Joy’s smile is much closer to tears than laughter.
This quote has a deceiving simplicity. I find it ambiguous, at the least, and enigmatic, at most. The ambiguity of language in these words, or any other set of words, is a problem if it arises from carelessness, but if deliberate, it can lead to much reflection and even dissension. You could write a long essay on this quote.What is Victor Hugo really trying to say? We certainly cannot accuse him of being careless. But the statement is also a translation from the French, and something might have been lost or distorted in translation.
Is Hugo saying that joy is closer to tears than it is to laughter? Or, is he comparing these two psychological phenomena* and saying joy is closer to tears than laughter is? There is a difference in the two interpretations.
*From a psychological viewpoint, joy and laughter are not on the same plane. Joy is an emotional state and laughter is an observable behavior, one of the ways in which joy could be expressed, or behind which sadness could be hidden (although some may think it’s a bit more complicated in its manifestation). Tears, like laughter, also comprise an observable behavior often associated with sadness, but obviously also with happiness or joy. Thus, from this viewpoint it does not make much sense to compare joy with laughter, the second interpretation.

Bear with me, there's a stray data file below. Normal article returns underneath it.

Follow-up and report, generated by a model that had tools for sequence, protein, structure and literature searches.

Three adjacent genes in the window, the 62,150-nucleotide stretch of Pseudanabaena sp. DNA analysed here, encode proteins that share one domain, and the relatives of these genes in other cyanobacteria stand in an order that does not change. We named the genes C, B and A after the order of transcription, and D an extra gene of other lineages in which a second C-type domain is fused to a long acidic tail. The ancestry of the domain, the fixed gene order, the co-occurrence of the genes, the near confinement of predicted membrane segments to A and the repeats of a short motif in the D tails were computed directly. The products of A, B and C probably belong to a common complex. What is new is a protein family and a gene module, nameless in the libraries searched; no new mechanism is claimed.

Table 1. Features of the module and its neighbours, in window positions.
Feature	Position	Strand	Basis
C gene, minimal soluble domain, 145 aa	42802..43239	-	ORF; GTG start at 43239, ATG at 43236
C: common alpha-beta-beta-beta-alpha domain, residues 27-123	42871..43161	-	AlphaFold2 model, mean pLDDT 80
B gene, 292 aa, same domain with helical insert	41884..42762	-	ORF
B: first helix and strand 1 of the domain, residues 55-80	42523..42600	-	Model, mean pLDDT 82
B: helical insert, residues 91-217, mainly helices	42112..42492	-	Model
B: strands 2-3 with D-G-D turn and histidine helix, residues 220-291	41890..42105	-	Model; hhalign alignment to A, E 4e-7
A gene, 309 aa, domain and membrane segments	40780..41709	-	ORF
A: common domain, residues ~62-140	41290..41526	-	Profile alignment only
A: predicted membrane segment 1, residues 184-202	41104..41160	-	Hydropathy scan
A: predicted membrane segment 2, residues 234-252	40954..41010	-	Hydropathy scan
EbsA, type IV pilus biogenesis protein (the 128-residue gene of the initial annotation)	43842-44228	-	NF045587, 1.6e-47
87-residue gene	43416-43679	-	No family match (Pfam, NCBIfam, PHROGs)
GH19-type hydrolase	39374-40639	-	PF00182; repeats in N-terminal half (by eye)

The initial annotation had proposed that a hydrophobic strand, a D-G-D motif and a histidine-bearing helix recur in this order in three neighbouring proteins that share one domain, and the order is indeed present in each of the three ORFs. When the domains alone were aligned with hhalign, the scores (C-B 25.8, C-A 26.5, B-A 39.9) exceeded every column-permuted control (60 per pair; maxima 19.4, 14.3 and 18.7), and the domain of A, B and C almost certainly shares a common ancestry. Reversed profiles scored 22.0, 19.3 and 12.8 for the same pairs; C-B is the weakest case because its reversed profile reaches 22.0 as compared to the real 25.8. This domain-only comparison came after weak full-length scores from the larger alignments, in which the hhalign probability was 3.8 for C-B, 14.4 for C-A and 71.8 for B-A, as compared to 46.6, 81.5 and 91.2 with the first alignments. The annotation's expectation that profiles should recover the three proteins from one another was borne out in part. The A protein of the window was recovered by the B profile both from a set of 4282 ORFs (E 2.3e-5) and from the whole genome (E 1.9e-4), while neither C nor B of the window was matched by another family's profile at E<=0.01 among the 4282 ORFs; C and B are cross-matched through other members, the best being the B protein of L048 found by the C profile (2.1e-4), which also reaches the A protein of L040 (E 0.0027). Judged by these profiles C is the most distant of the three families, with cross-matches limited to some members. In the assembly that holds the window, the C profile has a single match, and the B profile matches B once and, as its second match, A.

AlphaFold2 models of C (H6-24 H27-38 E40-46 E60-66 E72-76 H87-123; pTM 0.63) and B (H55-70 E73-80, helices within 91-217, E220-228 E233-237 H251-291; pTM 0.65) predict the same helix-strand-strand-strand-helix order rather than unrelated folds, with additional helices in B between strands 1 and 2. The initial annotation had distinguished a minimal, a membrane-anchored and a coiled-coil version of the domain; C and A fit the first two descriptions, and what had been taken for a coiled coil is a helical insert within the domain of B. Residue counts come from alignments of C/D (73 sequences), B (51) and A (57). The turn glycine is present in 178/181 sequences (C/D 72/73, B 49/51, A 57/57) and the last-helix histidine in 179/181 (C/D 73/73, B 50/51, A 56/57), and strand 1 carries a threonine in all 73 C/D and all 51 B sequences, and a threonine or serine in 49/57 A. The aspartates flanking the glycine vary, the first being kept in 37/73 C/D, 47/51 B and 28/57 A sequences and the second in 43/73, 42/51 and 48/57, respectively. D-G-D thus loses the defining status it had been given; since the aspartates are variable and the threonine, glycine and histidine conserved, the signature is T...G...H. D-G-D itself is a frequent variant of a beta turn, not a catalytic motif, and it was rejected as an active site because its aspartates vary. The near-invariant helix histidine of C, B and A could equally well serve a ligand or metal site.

I prefer to think he means the first, a less problematic reading that you could continue to nuance. For instance, it encompasses that expression “tears of joy” and the fact that we (women, especially) are as likely to cry as to laugh, out of joy.But Victor Hugo was a literary man, not a social scientist, sensitive to the power of words and how to use their ambiguity to move you. He was probably also acutely attuned to emotions and the subtle variations in their coloring, as attested to by his Gothic novel, The Hunchback of Notre Dame. I think he may be saying that we can more easily feel joy and feel it more intensely if we have just been through sadness.